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I'm looking for a clean way to filter the children of a parent in a has_many relationship without hitting the database and thus reloading the db's view of the objects back into the app.

For example:

class Parent < ActiveRecord::Base
  has_many :children, ...
  ...
end

My understanding (correct me if I'm wrong) is that

parent.children.find_all_by_attr('foo')

returns all the parent's children that have a attr value of 'foo' in the db but because it hits the database again, any children that have had their attr values set to foo before being saved will have their db values restored thus overwriting any changes.

I've hacked around this with

parent.children.reject { |child| child.attr != 'foo' }

but this seems very sloppy and more difficult to read. Does anybody have a cleaner suggestion on how to do this?

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2 Answers 2

up vote 2 down vote accepted

After doing some poking around, it looks like it is a little more complicated than that. My poking around went like this:

  • I created a pair of models, Parent and Child with a has_many relationship in a throwaway rails app.
  • I opened up script/console and poked around.

I created a new parent with a child and saved them

>> p = Parent.new;p.children << Child.new(:foo=>'bar');p.save
=> true

See the child is in the db and findable by_foo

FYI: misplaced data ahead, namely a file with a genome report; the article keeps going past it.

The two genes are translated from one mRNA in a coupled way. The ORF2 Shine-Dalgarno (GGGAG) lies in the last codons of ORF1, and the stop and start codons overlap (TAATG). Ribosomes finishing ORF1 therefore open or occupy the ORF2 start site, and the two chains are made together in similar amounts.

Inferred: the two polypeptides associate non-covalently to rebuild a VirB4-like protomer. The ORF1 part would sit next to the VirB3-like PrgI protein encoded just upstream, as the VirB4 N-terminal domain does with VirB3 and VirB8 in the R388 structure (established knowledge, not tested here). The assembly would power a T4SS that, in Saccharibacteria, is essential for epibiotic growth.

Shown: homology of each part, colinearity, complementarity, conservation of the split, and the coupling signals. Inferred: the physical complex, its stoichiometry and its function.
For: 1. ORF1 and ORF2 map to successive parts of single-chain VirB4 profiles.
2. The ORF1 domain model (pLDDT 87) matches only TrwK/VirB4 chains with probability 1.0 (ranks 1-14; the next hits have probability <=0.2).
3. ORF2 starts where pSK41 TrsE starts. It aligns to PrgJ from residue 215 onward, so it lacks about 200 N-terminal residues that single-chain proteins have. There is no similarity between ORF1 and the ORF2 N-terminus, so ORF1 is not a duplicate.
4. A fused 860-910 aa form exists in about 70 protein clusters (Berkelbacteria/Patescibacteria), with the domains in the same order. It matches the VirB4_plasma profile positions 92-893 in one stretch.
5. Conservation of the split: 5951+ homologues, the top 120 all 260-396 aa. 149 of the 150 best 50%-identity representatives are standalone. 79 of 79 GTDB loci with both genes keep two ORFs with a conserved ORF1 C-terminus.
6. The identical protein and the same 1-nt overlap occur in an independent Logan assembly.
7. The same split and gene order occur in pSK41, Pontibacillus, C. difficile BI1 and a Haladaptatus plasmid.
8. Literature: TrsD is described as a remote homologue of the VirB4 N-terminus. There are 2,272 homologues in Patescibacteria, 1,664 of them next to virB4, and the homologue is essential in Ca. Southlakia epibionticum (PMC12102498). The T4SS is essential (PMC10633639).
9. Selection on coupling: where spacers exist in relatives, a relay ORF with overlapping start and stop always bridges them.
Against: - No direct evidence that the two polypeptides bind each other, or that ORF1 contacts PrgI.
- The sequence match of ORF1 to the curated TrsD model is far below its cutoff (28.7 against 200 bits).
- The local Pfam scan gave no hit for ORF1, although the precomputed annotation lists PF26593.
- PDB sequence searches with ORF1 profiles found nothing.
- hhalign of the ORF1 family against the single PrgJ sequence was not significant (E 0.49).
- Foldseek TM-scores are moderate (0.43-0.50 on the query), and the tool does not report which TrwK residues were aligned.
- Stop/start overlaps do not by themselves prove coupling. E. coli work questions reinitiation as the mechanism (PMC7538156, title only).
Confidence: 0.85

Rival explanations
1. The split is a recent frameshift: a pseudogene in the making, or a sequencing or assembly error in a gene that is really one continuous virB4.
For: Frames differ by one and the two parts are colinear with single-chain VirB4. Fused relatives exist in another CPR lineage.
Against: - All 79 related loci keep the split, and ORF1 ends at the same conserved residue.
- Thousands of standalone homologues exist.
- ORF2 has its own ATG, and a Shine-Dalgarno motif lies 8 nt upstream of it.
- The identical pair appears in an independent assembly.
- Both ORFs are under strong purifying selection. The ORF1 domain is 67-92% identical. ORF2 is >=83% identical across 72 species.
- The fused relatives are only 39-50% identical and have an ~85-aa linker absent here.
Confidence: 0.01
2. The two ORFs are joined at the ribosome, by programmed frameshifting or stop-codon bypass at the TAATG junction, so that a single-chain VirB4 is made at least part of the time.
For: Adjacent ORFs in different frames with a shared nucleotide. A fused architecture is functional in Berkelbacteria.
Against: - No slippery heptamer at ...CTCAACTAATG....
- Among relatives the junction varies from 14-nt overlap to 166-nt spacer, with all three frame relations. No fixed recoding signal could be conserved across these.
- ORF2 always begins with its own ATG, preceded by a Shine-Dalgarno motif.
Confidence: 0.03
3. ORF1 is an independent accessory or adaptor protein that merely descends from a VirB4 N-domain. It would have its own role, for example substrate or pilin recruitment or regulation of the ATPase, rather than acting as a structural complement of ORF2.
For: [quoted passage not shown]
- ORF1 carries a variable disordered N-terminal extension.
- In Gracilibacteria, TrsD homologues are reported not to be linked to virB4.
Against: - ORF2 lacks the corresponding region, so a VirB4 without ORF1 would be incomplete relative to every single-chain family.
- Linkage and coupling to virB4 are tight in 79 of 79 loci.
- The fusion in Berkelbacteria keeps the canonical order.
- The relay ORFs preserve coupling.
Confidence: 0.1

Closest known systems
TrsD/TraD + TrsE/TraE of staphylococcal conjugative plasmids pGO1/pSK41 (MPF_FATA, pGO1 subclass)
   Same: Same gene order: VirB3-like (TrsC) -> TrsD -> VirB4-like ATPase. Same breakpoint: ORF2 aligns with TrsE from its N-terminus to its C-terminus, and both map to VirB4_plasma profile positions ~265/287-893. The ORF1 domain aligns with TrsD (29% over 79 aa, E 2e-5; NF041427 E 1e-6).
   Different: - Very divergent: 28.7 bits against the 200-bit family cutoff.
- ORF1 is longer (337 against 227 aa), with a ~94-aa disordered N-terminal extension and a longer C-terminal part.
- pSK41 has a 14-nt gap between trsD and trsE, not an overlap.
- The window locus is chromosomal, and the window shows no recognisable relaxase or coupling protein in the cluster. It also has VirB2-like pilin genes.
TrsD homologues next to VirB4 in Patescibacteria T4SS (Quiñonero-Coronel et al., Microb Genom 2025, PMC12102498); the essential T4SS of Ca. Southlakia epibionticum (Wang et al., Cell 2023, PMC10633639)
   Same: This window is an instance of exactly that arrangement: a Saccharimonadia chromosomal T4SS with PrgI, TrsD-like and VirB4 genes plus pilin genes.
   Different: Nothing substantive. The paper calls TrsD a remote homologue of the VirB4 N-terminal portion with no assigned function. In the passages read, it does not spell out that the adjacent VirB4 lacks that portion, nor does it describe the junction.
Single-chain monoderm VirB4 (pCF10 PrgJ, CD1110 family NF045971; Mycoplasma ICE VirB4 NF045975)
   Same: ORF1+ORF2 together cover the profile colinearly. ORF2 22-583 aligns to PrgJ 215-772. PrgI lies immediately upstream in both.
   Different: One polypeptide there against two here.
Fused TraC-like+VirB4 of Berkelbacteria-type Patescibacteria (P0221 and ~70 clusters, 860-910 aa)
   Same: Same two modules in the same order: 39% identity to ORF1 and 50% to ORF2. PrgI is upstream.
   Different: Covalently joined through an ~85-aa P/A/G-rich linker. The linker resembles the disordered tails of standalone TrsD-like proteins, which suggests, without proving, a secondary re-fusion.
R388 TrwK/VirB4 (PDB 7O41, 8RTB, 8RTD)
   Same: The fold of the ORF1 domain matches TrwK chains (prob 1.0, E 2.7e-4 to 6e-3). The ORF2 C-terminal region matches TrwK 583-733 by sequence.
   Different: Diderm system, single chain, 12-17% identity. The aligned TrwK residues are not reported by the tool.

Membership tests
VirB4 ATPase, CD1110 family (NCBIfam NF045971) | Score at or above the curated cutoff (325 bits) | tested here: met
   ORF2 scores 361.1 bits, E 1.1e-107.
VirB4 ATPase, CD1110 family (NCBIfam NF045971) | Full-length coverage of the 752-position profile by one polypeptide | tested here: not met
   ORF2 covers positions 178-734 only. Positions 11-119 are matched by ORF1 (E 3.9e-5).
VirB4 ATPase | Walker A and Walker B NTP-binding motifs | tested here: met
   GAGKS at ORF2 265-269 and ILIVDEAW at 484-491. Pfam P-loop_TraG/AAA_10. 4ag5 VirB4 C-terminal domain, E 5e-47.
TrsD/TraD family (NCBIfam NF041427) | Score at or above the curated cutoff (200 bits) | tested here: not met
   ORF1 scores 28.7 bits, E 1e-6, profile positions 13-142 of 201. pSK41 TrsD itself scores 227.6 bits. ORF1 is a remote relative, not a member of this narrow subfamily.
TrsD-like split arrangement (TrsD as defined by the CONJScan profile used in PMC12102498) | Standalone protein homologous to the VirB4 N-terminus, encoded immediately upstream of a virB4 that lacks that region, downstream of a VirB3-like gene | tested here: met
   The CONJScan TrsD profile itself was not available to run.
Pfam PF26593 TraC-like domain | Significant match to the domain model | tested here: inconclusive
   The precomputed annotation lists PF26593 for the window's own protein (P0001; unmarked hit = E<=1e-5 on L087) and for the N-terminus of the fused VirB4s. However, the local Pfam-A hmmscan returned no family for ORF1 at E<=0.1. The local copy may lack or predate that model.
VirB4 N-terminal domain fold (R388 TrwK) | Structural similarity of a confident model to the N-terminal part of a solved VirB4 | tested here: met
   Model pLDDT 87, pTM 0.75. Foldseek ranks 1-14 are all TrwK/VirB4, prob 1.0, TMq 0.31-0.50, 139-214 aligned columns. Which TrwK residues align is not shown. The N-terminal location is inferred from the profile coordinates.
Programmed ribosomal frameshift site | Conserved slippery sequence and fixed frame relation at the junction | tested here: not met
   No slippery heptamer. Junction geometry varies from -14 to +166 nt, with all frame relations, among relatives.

>> p.children.find_by_foo('bar')
=> #<Child id: 1, foo: "bar", parent_id: 1, created_at: "2009-12-14 22:08:05", updated_at: "2009-12-14 22:08:05">

I added another child to the collection,it shows up in p.children but not in collection methods that hit the db.

>> p.children << Child.new(:foo=>'bar')
=> [#<Child id: 1, foo: "bar", parent_id: 1, created_at: "2009-12-14 22:08:05", updated_at: "2009-12-14 22:08:05">, #<Child id: 2, foo: "bar", parent_id: 1, created_at: "2009-12-14 22:08:25", updated_at: "2009-12-14 22:08:25">]
>> p.children.find_by_foo('bar')
=> #<Child id: 1, foo: "bar", parent_id: 1, created_at: "2009-12-14 22:08:05", updated_at: "2009-12-14 22:08:05">

I change the child that is in the db.

>> p.children[0].foo = 'baz'
=> "baz"

When I search for it, it gives me the db version.

>> p.children.find_by_foo('bar')
=> #<Child id: 1, foo: "bar", parent_id: 1, created_at: "2009-12-14 22:08:05", updated_at: "2009-12-14 22:08:05">

But, the local collection is unchanged.

>> p.children
=> [#<Child id: 1, foo: "baz", parent_id: 1, created_at: "2009-12-14 22:08:05", updated_at: "2009-12-14 22:08:05">, #<Child id: 2, foo: "bar", parent_id: 1, created_at: "2009-12-14 22:08:25", updated_at: "2009-12-14 22:08:25">]

So if you save p again, it will pass on the changes.

If you want to get all the local association objects, including ones that have been changed, you can't use the ActiveRecord finders because they hit the db, instead use array methods like you did above. Though, using find_all or select would be easier to understand

parent.children.select{|c| c.attr == 'foo'}
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You could do the opposite of reject, which is find_all:

parent.children.find_all {|child| child.attr == 'foo' }
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